Look at the sticker on the door of the exact truck you are buying and do the math. A family of 4 in that truck with the camper alone could be at max payload without any stuff loaded in yet.
 

crazysccrmd

Observer
Look at a super cab f-150 with the 6.5’ bed. It will take up about the same space as the crew cab in the garage and the backseat is still a pretty decent size. A pretty much fully loaded XLT with the 3.5EB I looked at buying had a 1900lb payload.
 

alldownhill

New member
Have you considered a shell pop-up for the truck and a small trailer (teardrop, offroad/rtt, etc) to get what you need? That way, the truck is setup for quick solo/2-person trips and you can bring the trailer for an extra bed and storage for the full family trips.
 

mkish

Adventurer
Unless it's temporary, you're going to find you outgrow that camper pretty soon anyway. "Living space" and family of 4 do not really work in a Hawk. :) (I have a larger popup camper and it works for 4, tightly, but living space? Noop!)
 

zuren

Adventurer
Thanks for the replies.

Have you considered a shell pop-up for the truck and a small trailer (teardrop, offroad/rtt, etc) to get what you need? That way, the truck is setup for quick solo/2-person trips and you can bring the trailer for an extra bed and storage for the full family trips.
My goal is have sleeping space in the truck, and the hitch available for a boat, so that kind of eliminates the ability to pull additional sleeping space.

Unless it's temporary, you're going to find you outgrow that camper pretty soon anyway. "Living space" and family of 4 do not really work in a Hawk. :) (I have a larger popup camper and it works for 4, tightly, but living space? Noop!)
Maybe "living space" was not the right term to use. All I'm looking for is 4 insulated walls and a roof, that could be heated, with a sleeping arrangement for 4, that is more secure and comfortable than a tent. Any "living", cooking, etc. would happen outside.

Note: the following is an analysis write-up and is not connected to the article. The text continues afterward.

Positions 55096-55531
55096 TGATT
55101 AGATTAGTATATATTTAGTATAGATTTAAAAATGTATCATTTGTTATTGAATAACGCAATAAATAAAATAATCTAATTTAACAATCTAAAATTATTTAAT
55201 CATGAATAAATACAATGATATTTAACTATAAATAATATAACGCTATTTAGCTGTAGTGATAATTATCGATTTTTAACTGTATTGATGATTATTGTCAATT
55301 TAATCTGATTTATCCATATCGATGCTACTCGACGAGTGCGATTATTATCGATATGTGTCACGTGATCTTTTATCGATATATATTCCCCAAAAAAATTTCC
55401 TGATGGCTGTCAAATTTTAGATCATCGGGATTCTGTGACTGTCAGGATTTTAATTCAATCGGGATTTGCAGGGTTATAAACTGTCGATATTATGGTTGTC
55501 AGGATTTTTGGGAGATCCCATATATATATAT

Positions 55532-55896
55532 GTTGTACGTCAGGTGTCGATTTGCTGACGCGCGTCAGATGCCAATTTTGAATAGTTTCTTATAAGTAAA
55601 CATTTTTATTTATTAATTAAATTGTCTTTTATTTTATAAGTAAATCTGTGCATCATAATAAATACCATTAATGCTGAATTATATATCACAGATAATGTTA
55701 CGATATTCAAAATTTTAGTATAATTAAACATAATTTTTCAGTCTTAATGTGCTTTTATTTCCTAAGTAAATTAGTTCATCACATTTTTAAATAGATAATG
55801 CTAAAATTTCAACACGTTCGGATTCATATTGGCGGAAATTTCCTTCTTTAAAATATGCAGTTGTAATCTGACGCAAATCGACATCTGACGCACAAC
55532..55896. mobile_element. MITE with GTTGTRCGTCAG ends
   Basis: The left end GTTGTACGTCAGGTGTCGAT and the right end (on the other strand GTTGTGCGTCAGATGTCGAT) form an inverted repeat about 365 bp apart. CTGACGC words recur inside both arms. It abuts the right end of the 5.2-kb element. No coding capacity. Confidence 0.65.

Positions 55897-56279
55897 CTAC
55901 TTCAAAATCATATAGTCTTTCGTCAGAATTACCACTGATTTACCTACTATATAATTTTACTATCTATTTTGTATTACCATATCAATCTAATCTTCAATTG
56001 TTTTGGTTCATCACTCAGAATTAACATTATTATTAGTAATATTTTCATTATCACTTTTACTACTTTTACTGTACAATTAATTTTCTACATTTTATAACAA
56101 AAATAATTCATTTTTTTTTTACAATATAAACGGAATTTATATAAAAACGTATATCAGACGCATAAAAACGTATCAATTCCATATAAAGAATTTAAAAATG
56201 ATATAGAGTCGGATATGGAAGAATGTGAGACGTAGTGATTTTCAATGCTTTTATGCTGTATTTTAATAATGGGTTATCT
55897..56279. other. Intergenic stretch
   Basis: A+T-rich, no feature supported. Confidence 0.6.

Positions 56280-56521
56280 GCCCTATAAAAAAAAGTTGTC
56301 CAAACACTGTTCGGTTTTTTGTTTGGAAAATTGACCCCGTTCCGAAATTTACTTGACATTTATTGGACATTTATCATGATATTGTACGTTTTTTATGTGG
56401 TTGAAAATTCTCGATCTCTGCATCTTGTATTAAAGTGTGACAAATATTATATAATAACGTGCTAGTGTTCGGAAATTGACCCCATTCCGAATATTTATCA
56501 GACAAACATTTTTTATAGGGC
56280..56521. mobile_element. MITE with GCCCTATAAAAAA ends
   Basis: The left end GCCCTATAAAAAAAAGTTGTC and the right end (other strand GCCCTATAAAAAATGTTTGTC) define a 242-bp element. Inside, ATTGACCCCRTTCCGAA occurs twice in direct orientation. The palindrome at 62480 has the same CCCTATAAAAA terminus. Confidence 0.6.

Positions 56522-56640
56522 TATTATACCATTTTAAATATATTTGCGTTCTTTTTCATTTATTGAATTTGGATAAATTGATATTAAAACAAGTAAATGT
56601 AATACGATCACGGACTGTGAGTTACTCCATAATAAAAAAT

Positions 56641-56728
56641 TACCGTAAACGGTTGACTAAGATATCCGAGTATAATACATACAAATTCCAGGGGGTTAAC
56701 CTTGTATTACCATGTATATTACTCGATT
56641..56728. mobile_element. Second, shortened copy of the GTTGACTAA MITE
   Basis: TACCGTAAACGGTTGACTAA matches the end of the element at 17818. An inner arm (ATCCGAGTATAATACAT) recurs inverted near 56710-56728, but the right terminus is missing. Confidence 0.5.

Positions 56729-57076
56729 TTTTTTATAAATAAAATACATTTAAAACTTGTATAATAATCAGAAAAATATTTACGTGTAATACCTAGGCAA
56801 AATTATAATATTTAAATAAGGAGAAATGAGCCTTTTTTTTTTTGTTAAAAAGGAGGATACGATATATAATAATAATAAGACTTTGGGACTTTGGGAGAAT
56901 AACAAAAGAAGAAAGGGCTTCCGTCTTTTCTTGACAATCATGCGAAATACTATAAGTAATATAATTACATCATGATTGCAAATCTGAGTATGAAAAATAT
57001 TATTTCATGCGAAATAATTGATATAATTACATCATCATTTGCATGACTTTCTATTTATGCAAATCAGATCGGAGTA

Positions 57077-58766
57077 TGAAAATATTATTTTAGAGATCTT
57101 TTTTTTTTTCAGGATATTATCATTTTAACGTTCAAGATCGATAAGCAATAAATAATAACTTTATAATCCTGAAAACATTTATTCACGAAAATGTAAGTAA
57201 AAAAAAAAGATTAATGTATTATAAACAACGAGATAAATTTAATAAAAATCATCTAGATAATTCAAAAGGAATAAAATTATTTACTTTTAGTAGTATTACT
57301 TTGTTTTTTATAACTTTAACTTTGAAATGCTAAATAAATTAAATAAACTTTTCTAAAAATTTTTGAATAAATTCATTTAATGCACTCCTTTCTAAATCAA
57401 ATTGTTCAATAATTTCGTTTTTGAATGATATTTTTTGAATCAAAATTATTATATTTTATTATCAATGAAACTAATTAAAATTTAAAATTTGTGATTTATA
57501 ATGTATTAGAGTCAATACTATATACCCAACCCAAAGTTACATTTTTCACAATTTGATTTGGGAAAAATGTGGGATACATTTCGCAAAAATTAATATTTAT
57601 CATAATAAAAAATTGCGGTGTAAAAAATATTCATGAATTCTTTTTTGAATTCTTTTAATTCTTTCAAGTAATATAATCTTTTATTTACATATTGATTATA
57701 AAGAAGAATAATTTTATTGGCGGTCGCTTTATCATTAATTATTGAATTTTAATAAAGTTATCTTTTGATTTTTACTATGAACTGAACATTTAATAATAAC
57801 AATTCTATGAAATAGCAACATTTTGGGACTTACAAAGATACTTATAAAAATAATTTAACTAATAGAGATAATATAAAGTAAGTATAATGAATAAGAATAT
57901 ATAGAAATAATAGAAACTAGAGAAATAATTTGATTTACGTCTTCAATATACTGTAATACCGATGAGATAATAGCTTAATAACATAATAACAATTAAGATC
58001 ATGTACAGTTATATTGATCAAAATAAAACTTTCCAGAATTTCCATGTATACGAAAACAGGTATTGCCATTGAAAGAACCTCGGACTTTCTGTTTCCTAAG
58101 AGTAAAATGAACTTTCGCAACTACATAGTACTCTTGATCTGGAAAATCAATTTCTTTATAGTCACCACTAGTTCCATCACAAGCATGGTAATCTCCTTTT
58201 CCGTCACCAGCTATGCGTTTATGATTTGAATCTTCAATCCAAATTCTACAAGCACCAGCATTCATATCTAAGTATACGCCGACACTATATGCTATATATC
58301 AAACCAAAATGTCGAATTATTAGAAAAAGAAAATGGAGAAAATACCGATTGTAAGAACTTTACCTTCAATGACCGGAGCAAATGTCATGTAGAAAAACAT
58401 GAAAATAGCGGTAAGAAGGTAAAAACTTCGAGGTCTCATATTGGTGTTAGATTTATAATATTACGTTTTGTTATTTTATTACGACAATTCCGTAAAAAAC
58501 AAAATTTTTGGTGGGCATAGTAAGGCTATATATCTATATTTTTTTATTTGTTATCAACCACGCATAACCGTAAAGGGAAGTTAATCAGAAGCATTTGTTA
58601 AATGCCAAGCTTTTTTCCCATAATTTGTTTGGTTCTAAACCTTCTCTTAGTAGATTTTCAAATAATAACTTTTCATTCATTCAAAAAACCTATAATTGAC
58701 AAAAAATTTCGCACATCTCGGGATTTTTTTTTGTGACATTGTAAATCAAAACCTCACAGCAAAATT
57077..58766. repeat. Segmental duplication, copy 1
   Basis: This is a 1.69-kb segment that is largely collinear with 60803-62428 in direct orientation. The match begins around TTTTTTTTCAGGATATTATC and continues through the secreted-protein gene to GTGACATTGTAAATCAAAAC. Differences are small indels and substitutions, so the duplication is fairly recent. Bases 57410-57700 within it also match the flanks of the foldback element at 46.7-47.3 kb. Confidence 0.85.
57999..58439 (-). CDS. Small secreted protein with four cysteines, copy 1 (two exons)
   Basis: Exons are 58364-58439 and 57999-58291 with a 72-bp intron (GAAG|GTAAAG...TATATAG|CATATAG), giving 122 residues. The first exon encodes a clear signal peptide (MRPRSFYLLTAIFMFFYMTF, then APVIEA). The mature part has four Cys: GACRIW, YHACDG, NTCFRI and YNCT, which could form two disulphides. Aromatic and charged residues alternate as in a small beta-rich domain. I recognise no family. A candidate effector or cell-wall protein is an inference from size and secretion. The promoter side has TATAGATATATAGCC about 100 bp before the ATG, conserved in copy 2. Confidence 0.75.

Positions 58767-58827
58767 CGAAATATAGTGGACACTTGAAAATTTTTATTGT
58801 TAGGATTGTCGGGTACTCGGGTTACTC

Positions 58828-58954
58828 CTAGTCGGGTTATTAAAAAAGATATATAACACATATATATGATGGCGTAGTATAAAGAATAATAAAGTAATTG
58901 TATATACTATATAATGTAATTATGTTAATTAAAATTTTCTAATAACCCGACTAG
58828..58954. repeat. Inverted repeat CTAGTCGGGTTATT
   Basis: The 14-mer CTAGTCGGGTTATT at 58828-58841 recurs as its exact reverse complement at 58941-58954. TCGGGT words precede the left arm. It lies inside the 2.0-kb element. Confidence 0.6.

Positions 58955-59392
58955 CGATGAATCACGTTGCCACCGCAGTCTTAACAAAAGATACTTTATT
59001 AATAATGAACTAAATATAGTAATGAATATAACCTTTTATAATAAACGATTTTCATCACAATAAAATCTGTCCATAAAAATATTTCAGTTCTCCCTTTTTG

So in the interest of not having an overweight truck, assuming a camper shell weighed 1000 lbs., what would be a good payload number for the vehicle in order to have a "safe" reserve capacity? I understand that more would always be better, but I'm talking reasonable vs. unreasonable.

I tried to put together a rough spreadsheet with items and weights (roughly assuming 100 lbs. of gear/food per person) and I get around 2000 lbs. Considering 2 of these people are small kids, I feel that the 100 lb. per person estimate is high for them. I looked at some truck specs again and agree that a 1/2 ton with a crew cab, 4x4, and 5.5' box would be right up to the published payload specs of 2100ish lbs. (if my numbers are somewhat accurate).

However, a 2017 F150 crew cab, 4x4, 6.5' bed with the "heavy-duty payload package" has a total payload of 2630 lbs. (3.5L EcoBoost) or 2660 lbs. (5.0L). That leaves 630-660 lbs. in reserve. Is that enough of a margin? Is 100 lbs. of gear/food per person enough of an estimate?

Going to a F250 gets me to a payload of around 3200 lbs., but justifying a 3/4 ton truck to the wife, and getting her to drive it, would be nearly impossible.

Thanks!
 

Stan@FourWheel

Explorer
It's a personal choice, but we have customers doing that all the time (putting the short bed Hawk Model, on the shorter 5.5' bed trucks).

If it was a fully loaded Hawk Model weighing in at 1450 lbs (plus all of your gear & water), I would be much more hesitant.

But a somewhat empty "shell model" Hawk weighing in around 1000 lbs, to me would be very doable.

Add a rear suspension upgrade, and some E rated tires, and go have fun.

Again, just my personal opinion. See it done all the time, and customers seem happy with it.

The new Aluminum body ford F-150's have a good payload, and with E Rated tires, it will up the rating a little (unofficially).